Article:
The Center for Internet and Society at Stanford Law School is a leader in the study of the law and policy around the Internet and other emerging technologies.
Law consistently lags behind technology, nowhere more so than in the Fourth Amendment protections against unreasonable search and seizure. CIS is committed to closing this gap in a variety of ways: organizing specially-focused judicial training programs; forming strategic partnerships between the litigation community and the academic world to improve Fourth Amendment impact litigation; and sponsoring cross-disciplinary research bridging law, computer science, and social sciences to evaluate the impact of emerging technologies on digital privacy.
Amicus curiaei brief of retired judges, including CIS Director of Fourth Amendment and Open Courts, in the Court of Appeals for the Federal Circuit in a case challenging the fees charged by the federal courts for electronic access to court records. Read more about Brief of Retired Federal Judges as Amici Curiae in Support of Neither Party
Amicus brief of former magistrate judges, including CIS Director of Fourth Amendment and Open Courts Stephen Wm. Smith, in support of Petitioners-Appellants Jason Leopold and Reporters Committee for Freedom of the Press, filed in the D.C. Circuit. The petition in the court below sought to unseal certain sealed surveillance matters in the District of D.C.'s docket and also sought prospective changes to enhance the transparency of the court's surveillance docket going forward.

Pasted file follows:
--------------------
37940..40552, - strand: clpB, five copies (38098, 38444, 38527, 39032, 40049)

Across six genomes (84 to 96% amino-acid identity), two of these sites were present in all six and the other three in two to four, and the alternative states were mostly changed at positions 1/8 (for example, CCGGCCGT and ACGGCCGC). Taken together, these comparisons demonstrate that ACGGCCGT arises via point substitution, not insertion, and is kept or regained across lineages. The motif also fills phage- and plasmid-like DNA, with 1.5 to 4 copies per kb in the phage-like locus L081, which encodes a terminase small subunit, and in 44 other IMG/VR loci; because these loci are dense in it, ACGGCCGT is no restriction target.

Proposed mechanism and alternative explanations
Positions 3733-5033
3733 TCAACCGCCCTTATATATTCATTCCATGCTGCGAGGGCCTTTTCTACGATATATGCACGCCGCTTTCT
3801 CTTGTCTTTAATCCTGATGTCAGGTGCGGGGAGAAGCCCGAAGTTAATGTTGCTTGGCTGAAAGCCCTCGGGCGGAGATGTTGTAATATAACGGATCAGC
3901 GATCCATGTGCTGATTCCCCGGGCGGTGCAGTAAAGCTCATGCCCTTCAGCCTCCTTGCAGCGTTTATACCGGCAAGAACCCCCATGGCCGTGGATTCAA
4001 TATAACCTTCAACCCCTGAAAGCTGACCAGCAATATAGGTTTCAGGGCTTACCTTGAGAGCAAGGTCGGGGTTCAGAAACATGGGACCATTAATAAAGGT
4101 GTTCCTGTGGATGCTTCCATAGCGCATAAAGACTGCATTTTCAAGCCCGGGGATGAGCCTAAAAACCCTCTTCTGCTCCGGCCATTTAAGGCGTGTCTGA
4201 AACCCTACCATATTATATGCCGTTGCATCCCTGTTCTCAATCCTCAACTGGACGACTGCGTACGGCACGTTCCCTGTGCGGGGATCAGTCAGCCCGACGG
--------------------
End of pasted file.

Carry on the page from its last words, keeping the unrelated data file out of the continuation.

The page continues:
On May 24, 1844, a crowd gathered inside the United States Supreme Court chambers in the basement of the Capitol, eagerly awaiting a demonstration of an amazing new communication technology. They watched as inventor Samuel F.B. Morse successfully sent the first long-distance telegraph message — “What hath God wrought?” — to a railroad station near Baltimore. While earlier demonstrations of the device had successfully sent messages between the House and Senate chambers, long-distance transmission was still an open question. Read more about The Carpenter Chronicle: A Near-Perfect Surveillance